Cream, Kid-leather Gloves


A coincidence of two events and thoughts spurred my most recent accessory purchase.

The first was the posts of Scott Schuman on the Sartorialist that picked out gloves as a bright accessory to an otherwise conservative outfit. Like most stand-out accessories, this can easily be overdone, but a little touch here or there can make an outfit.

In this particular case it was yellow gloves, but I have equally seen cream, green and even purple work very well in this role. It also pays to bear in mind the other, duller items in the outfit – here the yellow gloves are given a harmonious backdrop by the tan suede boots this gentleman is wearing.

The second event and thought was the blog written by Winston Chesterfield on this site back in December. He bemoaned the lack of well-fitting glove options available to him. Driven by the descriptions of gloves in that blog, I popped into Pickett on the Burlington Arcade soon after (in case it helps, Winston, they told me that they still do reasonable bespoke gloves).

There, cream kid-leather gloves caught my eye. Indeed, Winston’s reference to dove grey gloves for morning dress in another post may also have been floating around my subconscious.

These cream gloves would, of course, be for evening wear. But such is the robustness of kid leather that they would not look out of place as an unusual accessory to a conservative outfit like that described above.

Kid leather today has associations with both weddings and driving. Traditionally, unlined and untreated gloves made from the skin of a kid goat were worn for formal evening occasions. Their smooth suede texture is fine enough to complement other evening accessories such as silk scarves and cummerbunds.

The Pickett options were unfortunately too rich for my budget. But while in York visiting family I chanced into a great vintage shop up there – Priestleys on Grape Lane, near the Mulberry factory store. All vintage shops should be like this, with such obvious care and investment in all the items carried.

They had kid-leather gloves. Unlined, handmade and apparently over 50 years old. But only £24 and as clean as the day they were made.

Interestingly, it is easy to tell they are handmade because the ridges that box in each finger (when the stitches are made on the outside rather than the inside of the glove) were much finer than any machine-made gloves I own. That also made the ridges much finer, something Winston seemed to be talking about when he referred to the “delicacy lacking on most of the glove models available to men.”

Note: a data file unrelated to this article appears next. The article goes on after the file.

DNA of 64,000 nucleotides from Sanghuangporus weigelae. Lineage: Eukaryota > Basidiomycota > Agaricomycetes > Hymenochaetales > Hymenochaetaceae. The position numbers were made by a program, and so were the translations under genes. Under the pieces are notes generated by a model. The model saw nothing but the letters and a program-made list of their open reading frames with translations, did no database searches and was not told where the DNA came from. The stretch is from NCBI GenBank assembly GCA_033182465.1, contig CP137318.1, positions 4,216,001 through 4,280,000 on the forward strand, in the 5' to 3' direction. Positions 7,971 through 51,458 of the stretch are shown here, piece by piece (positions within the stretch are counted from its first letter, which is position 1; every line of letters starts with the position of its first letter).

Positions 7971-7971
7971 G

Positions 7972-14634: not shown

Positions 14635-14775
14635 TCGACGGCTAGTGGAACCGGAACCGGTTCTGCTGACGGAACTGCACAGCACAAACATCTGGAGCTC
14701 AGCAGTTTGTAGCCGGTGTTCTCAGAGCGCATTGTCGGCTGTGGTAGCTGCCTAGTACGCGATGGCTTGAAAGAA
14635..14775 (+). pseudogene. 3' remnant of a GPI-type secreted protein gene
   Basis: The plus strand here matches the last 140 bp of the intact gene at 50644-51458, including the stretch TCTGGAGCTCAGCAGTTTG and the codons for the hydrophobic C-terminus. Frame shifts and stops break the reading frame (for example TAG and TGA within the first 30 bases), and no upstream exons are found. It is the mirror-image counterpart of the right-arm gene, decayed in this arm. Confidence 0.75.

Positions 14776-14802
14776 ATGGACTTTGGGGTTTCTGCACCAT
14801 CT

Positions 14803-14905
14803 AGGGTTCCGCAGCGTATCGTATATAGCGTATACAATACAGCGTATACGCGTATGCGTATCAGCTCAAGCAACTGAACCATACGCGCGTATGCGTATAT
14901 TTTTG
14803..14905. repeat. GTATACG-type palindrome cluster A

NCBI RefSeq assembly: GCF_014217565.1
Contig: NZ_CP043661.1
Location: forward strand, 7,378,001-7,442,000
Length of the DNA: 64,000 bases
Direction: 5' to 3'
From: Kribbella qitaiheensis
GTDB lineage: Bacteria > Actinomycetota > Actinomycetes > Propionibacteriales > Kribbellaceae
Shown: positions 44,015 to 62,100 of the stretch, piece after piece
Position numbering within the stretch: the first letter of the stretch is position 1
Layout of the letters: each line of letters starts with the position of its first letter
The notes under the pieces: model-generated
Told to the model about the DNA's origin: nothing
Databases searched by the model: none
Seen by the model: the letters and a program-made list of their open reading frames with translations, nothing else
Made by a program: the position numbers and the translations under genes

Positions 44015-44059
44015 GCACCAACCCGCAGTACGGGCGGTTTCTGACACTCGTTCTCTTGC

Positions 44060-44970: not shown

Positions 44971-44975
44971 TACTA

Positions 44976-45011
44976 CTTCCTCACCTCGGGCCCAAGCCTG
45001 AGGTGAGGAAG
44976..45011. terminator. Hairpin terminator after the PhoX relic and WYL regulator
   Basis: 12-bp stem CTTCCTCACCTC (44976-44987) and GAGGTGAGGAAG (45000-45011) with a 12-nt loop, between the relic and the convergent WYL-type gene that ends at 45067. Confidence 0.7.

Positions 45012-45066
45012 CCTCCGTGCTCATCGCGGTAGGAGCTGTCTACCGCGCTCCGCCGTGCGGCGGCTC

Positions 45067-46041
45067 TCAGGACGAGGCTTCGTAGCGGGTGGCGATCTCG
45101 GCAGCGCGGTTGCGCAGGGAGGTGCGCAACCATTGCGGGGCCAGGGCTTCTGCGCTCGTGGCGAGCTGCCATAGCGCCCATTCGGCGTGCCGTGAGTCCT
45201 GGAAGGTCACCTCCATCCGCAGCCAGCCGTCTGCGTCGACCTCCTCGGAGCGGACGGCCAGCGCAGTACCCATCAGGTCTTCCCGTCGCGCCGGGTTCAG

I thank my luck and I highly recommend a visit.


Simon Crompton is a journalist and a style enthusiast living in London, who blogs at He has too many suits.


  1. I like that punch of yellow in the photograph very much. The combination of those yellow gloves, a navy wool coat, grey-cuffed trousers, and tan suede boots as shown in that photograph is simply perfection. I will give credit where credit is due; we have independent viewpoints, coming from different places, that stated Scott Schuman to me is one hell of a good photographer.

    Off topic, as an open question, I am seeking information on altering various knitted jumpers i.e. sweaters. I know it can be done, but I have yet to find credible information or a source. Any help appreciated. Thanks in advance.

  2. Simon,

    Thanks for the tip on Pickett. I don’t know whether you noticed but there IS a new glove shop in the Burlington Arcade. For the life of me I cannot recall the name but the glass shopfront is abundant with a rainbow of glove colours – men’s are upstairs, and rather less showy, but they are well made. I have a splendid pair of green leather gloves now (not from there, they were a gift). For the time being, I am satisfied. If anyone is interested in where to find a pair of yellow gloves, Ede & Ravenscroft have a beautiful style in the sale. Hurry to avoid disappointment.